While you could be mistaken for believing that gambling is only for the rich and those with some discretionary spending money available, the rate of gambling in poor neighborhoods is more than twice the rate as experienced neighborhoods with very low poverty levels. It appears there is a direct correlation between the prevalence of problem gambling and the socio-economic level of neighborhoods, with gambling problems increasing as the level of poverty of the neighborhood increases.

The-Research-Institute-on-AddictionsThe following resultant information came out of a study conducted by the University at Buffalo Research Institute on Addictions (RIA) in Buffalo, New York, U.S.A., with 5000 participants aged 14 to 90. Each of the participants was interviewed via telephone by a study representative. RIA is recognized as a national leader in the study of abuse issues, including alcohol, substances and gambling.

Those unable to find employment and/or on social assistance and living in poverty seemed to not only be at higher risk of becoming gamblers but have more serious gambling problems, including addiction. Being financially disadvantaged seems to cause people to risk what little money they have available to them in hopes of turning it into a larger sum, thinking that that in turn would improve their financial situation. Sadly, as so often happens, their hopes are not realized and they become worse off than before they gambled. Forms of gambling that were popular with such individuals included sports betting, bingo, dog or horse racing, casinos, lotteries, gambling online, office pools, raffles, as well as many others.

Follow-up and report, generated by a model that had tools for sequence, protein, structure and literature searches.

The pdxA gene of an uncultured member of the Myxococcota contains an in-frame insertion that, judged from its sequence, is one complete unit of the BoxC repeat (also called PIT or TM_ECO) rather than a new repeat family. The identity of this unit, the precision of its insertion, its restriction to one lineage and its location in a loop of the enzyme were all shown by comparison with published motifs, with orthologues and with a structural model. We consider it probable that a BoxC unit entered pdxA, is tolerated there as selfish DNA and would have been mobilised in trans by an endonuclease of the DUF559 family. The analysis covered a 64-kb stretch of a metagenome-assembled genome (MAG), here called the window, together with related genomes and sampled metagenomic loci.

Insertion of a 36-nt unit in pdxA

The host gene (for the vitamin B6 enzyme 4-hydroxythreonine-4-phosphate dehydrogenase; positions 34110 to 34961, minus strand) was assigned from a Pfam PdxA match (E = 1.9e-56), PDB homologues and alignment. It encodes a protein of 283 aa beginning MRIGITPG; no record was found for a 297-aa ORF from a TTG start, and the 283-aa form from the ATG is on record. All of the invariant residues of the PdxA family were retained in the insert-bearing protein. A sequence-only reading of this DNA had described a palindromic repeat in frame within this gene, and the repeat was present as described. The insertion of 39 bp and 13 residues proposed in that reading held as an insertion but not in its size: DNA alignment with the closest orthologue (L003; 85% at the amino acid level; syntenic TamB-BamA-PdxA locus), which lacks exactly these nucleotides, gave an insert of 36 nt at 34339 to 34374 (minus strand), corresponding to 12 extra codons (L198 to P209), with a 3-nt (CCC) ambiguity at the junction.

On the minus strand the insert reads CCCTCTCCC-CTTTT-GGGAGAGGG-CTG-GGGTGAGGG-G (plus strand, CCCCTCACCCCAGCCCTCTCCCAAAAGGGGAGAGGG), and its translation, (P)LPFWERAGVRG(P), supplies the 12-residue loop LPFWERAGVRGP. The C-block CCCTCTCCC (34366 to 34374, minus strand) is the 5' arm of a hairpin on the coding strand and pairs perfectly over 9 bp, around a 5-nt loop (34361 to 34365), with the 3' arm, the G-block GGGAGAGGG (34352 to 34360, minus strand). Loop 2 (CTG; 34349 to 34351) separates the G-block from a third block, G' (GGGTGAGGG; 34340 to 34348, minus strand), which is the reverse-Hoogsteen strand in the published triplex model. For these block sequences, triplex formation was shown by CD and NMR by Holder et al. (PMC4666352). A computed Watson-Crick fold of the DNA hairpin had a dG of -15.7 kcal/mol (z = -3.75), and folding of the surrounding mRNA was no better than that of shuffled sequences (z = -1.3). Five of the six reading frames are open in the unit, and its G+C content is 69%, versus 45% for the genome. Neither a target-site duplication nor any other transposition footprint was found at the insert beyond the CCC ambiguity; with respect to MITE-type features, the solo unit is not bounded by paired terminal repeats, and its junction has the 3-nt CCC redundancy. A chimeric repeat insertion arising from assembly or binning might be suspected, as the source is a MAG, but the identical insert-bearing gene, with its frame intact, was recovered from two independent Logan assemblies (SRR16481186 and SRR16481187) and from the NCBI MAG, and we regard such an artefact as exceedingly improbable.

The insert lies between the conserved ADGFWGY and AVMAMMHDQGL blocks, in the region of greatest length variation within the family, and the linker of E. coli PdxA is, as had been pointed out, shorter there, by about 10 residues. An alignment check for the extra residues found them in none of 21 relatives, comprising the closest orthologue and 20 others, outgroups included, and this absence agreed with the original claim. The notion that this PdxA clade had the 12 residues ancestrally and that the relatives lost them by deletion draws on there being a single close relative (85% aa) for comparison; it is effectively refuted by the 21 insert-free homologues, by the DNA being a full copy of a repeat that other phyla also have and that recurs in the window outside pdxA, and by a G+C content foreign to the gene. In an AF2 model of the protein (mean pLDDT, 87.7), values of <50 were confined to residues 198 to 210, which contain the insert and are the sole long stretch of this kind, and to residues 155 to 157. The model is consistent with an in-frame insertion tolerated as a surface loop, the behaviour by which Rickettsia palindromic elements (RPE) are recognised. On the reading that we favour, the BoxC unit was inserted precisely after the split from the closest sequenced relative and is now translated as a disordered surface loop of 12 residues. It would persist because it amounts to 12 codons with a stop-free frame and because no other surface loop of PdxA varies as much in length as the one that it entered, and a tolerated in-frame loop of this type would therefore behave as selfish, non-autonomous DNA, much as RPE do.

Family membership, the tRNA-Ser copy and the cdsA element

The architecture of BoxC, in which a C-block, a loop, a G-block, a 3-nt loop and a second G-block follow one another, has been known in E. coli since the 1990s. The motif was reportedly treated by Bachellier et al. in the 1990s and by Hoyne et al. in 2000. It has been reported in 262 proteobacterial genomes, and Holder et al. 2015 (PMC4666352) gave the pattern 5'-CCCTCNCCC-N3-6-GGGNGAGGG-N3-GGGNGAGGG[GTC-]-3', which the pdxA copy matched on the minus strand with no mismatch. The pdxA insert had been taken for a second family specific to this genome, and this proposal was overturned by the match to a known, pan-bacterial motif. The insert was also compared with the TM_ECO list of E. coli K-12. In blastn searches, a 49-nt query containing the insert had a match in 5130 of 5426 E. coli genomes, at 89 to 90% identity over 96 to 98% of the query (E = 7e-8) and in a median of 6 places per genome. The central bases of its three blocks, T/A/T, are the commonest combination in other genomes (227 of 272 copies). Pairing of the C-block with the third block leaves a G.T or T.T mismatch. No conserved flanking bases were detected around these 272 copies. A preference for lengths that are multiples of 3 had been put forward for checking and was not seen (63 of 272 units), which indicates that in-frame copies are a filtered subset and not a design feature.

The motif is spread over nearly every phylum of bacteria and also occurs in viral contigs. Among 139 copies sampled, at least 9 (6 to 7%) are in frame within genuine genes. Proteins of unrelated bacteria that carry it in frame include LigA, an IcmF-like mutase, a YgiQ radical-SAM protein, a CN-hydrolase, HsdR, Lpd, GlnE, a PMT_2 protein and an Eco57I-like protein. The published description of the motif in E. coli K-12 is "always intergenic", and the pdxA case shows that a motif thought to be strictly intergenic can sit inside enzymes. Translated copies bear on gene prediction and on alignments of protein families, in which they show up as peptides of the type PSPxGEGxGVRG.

While approximately 5 percent of people living in neighborhoods with low poverty levels would have serious gambling problems, that number jumped to more than 11 percent in very low socio-economic neighborhoods, particularly where poverty was at its worst, with a high rate of unemployed, high numbers of people living on government assistance and generally rundown and filthy surroundings. These factors all had a huge impact on the percentage of people with serious gambling problems. Surprisingly the number of gambling establishments within the neighborhood had little to no impact on the number of people with gambling issues or addiction.


Speculation as to why people living in poor neighborhoods turn to gambling includes such things as lack of financially healthy role models, but desperation factors into it too. When a poor person has a small amount of money available but doesn’t have enough to cover the rent or the utility bill he/she may take a chance and gamble with that money in the hope that they can win enough to cover that bill or make that rent payment. Those that exhibited signs of having a serious gambling problem would gamble with increasing amounts of money, try over and over again to control or stop the gambling but always stumble and fall, and be fixated on opportunities that would lend themselves well to gambling, all typical signs as exhibited by addicts of drugs, alcohol and other addictive behaviors.

The results of this study were published in the Journal of Behavioral Addictions in June 2014.